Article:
Summary: Growing our hearts three sizes larger takes not only giving but a redemptive type of giving. It seeks the best for others and is carried out with a sense of rejoicing

A few of you understand the sermon title but some will be mystified by the word "meh". Is there someone who would like to try to define it for us? It is a slang term that communicates an attitude of apathy or indifference toward something. My favorite definition is that meh is a verbal shrug. What do you want to eat? Meh. Do you want to catch a movie? Meh. It’s one thing to shrug off a choice when it comes to an activity or menu but it seems a whole lot of people could very well define their entire existence with the term meh.

The Grinch lived a meh life. He cut himself off from others, in the live action movie he was a victim which led to his separation. His consuming passion was aimed at maintaining a nasty attitude toward the Who’s of Whoville. Now, I’ve never met anyone who desired to be a Grinch. No one I’ve met has said, "I want to live a bland existence with no purpose, hope or future. I don’t want my life to count for anything."

Yet millions of us do this all the time. Shallow pursuits and hobbies, busyness, vocation and vacation may mask the reality but we know something’s missing. We know our life is basically meh. It even happens to those who seem to get a joy out of helping others, caring for people, and fighting injustice may be more about not facing the blandness of our life.

Here is a simple test for one’s meh quotient. Imagine the most important reason for living, other than Jesus, stripped from your life--the people, games, job, causes, friendships, hobbies, travel, sports, politics, whatever. They are suddenly and irrevocably gone for good. Is your full of joy? If it is then there is very little meh in your life. If you have no idea how you’d survive such a thing then what I’m about to tell you is very, very important to hear.

The passage from Luke is called the Magnificat. It is the song Mary sings upon meeting Elisabeth who is pregnant with the future John the Baptist. It is a song of praise and wonder to God. It is a musical cry of faith in the wisdom, mercy and future that God provides in the most unusual of situations. I’ll probably go into this more later during advent but the fact is Mary had no reason to be so joyful.

She was an unwed, pregnant teenager. That wasn’t just looked down on in Jewish culture it was a deal breaker for life itself. It is hard to imagine a modern sin with as far-reaching consequences as hers. Mary’s social, spiritual and communal life was over. In fact, Joseph and his family could demand she be stoned for her sin. In the midst of such overwhelming horror Mary is moved, by the Holy Spirit, to declare joy at what God has done and will do.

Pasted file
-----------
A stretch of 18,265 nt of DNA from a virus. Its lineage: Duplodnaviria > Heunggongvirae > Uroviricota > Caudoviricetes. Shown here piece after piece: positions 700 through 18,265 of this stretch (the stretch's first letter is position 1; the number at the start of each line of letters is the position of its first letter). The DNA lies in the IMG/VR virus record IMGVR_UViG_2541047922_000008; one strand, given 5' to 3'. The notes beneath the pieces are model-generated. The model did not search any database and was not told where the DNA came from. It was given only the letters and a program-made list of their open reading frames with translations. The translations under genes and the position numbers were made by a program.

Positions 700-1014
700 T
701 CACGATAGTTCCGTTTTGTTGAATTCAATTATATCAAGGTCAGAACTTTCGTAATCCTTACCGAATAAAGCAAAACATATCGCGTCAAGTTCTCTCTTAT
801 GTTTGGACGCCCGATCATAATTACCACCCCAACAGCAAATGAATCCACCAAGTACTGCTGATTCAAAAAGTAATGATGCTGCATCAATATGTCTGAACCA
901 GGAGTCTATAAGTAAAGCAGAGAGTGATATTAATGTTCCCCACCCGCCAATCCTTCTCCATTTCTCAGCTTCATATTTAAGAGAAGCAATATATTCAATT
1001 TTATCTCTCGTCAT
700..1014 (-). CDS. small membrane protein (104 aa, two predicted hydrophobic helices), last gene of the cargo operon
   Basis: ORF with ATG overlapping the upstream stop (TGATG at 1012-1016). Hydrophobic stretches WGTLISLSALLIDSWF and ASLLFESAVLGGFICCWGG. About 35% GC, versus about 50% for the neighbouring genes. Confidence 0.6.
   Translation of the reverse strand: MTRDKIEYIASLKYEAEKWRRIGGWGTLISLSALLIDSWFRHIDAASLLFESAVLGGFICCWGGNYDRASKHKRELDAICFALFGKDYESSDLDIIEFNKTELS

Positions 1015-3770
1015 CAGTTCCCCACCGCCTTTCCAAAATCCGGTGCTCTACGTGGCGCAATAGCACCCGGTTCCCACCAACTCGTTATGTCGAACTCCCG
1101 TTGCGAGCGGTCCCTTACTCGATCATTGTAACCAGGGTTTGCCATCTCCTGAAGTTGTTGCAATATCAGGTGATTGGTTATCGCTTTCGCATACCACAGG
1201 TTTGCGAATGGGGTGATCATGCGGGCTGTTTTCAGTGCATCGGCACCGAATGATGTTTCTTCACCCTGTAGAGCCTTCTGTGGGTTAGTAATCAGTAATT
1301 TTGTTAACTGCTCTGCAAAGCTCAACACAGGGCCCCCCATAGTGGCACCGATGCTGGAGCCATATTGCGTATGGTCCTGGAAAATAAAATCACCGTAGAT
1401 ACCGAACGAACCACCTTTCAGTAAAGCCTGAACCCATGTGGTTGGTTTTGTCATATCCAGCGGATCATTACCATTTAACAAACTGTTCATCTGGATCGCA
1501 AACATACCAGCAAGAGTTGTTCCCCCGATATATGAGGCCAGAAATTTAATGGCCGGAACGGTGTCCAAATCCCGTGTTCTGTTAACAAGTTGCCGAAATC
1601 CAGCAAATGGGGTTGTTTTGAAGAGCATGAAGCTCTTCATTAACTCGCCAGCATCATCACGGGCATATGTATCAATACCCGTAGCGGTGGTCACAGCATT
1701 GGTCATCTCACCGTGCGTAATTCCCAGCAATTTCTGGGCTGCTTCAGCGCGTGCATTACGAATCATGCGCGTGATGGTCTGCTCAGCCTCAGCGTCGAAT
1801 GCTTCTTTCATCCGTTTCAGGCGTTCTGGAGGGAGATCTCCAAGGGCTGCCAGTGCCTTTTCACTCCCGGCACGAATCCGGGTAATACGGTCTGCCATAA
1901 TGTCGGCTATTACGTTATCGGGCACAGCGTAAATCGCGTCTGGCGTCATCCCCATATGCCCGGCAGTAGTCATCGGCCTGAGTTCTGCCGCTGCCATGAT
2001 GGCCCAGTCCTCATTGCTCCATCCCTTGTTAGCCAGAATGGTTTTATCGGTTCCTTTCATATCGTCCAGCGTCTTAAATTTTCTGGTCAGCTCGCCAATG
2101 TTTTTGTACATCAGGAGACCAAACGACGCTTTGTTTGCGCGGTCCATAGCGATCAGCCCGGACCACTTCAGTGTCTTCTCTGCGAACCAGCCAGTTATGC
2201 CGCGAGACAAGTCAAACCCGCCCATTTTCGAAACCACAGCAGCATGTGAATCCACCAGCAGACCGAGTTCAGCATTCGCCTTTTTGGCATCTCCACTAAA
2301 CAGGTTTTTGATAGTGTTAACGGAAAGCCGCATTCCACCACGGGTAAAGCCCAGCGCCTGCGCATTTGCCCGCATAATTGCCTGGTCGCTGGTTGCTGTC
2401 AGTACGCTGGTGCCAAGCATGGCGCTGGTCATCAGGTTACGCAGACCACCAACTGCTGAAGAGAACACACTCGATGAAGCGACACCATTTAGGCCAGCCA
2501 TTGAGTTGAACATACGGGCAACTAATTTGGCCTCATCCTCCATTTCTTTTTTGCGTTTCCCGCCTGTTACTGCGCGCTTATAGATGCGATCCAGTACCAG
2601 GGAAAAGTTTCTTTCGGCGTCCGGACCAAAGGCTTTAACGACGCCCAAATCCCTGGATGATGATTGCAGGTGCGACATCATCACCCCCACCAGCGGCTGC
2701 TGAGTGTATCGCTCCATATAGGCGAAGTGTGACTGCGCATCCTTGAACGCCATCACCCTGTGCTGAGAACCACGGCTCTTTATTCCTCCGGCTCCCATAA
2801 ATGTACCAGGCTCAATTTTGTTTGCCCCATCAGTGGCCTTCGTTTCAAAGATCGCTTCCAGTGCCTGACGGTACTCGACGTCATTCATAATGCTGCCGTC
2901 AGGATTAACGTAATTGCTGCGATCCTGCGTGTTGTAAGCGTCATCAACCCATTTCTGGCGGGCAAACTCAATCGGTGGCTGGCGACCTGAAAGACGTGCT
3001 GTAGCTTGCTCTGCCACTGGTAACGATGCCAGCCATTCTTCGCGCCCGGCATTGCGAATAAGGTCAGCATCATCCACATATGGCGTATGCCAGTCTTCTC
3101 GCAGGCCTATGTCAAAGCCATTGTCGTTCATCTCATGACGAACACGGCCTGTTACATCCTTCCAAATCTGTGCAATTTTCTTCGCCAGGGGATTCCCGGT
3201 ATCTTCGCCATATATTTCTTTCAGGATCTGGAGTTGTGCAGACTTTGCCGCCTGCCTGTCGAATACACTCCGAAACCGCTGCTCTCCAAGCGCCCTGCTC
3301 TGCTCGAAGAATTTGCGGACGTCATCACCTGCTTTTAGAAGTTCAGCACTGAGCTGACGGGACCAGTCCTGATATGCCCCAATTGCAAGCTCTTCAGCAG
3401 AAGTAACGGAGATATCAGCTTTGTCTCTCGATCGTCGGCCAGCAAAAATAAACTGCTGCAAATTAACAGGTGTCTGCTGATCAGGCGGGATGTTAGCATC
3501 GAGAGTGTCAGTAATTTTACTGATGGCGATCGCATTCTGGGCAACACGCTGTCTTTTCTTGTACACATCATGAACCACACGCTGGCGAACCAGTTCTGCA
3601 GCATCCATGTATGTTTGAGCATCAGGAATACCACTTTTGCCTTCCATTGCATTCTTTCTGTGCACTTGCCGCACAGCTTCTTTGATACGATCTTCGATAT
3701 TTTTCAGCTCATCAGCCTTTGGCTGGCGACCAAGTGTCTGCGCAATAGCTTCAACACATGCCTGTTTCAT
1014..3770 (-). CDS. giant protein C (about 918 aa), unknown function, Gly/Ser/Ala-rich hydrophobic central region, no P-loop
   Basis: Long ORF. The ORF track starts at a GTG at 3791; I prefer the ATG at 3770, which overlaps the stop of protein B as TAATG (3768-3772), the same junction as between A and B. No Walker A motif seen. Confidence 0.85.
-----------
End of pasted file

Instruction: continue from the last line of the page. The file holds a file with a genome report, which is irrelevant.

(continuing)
Mary’s song is a song God’s work in the lives of those who trust him. Mary doesn’t cross her fingers and wish things would be better. Mary doesn’t try to make excuses and position herself so that others will see her in the best light. If anything the Bible paints a pretty accurate picture of what she faces.

Mary bases her hope and future on what she knows of her God. God is not surprised at this pregnancy. He sent the angle to communicate the news. The reason for Jesus’ birth is to provide the one and way for people to reconnect with God. We use the word "redeem" to describe God’s work of making friends out of enemies; of transforming lives from selfishness to otherness and to save those who call upon the name of the Lord.

Mary’s sings as well about her own sense of calling. I don’t think she is bragging when Mary sings,

"From now on all generations will call me blessed,

for the Mighty One has done great things for me—

holy is his name.

She is aware that God’s might deeds done before will be visible again in and through the child she will give birth too. Sometimes even those who seem to have it all are really existing in the bubble of meh. One such person was Dr. Albert Schweitzer. He was a medical doctor and quite well known in the music for his work on classic composers and his own playing ability. But there was something missing and he knew it.

Between his biography by George Marshall and David Poling and his own Anthology we have a pretty clear picture of what changed Schweitzer’s life. He glanced through a magazine from a Paris Missionary group. One article caught his eye, The Needs of the Congo Mission. As he read it he heard those men, women, and children in need of those who could aid in their healing as well as spiritual lives. It was a desperate crying out for people to come on over and be involved. Schweitzer wrote about his reading and experience that nigh:

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